In my experience with language learning, 'if you don't use it, you lose it'.

Are there any studies regarding re-learning a second language after [extensive] periods of disuse? In particular, I'm curious how the initial proficiency before disuse (e.g. Fluent, Working Proficiency, Beginner, etc.) affects the rate at which a language can be re-acquired.

I would imagine that if one was fluent in a language and then did not use it for several years, it would come back quickly, 'like riding a bicycle'. However, in my experience, trying to recover from a hiatus before which I had been at working proficiency is relatively slow.

  • To clarify, are you talking about a language acquired as a young child, or a language learnt at school as a teenager or quasi-teenager? From what I know of language acquisition, it makes a significant difference. Apr 5, 2016 at 20:38
  • @Gilles I was referring to languages studied later in life, not those learned in childhood (unless that learning took place solely in an academic setting).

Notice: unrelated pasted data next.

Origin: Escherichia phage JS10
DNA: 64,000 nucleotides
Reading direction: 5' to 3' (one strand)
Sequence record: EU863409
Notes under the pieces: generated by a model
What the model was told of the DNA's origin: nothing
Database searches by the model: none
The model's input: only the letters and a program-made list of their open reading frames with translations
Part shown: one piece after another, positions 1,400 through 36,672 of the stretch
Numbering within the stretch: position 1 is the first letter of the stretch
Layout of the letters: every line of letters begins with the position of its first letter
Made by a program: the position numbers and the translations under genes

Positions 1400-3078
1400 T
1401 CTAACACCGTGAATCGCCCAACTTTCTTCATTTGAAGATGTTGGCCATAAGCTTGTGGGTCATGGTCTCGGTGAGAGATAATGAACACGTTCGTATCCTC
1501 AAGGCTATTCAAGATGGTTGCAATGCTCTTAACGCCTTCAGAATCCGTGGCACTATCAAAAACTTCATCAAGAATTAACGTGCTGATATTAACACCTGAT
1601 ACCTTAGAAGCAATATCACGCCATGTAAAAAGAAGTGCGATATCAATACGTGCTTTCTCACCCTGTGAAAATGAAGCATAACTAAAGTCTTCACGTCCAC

– Liam
    Apr 5, 2016 at 21:07

1 Answer 1


From the National Center for Biotechnology Information:

... while simply overhearing a language during childhood could help adult learners speak it with a more native-like phonology, speaking a language regularly during childhood could help re-learners use it with more native-like grammar as well as phonology.

The study was done on fourteen-year-old students of Spanish who had varying degrees of exposure to the language as children; some learnt it, others merely heard it.

So it would seem that the amount of prior exposure does make a difference, at least, for children.

A study in the Psychological Science magazine suggested the same for adults:

As it turned out, even though the volunteers showed no memory of the second language in the vocabulary test, they were able to quickly relearn and correctly identify phonemes that were spoken in the neglected language.

This was done with prior learners of Hindi or Urdu who had stopped learning the language entirely.

  • I don't think this is what the question is asking: prior exposure as a young child, and prior learning at school L2 age, are rather different. Apr 5, 2016 at 20:38
  • when I say exposure, I mean the child was at one point knowledgeable in some regard with the language.
    – No Name
    Apr 5, 2016 at 20:44

Your Answer

By clicking “Post Your Answer”, you agree to our terms of service and acknowledge you have read our privacy policy.

Not the answer you're looking for? Browse other questions tagged or ask your own question.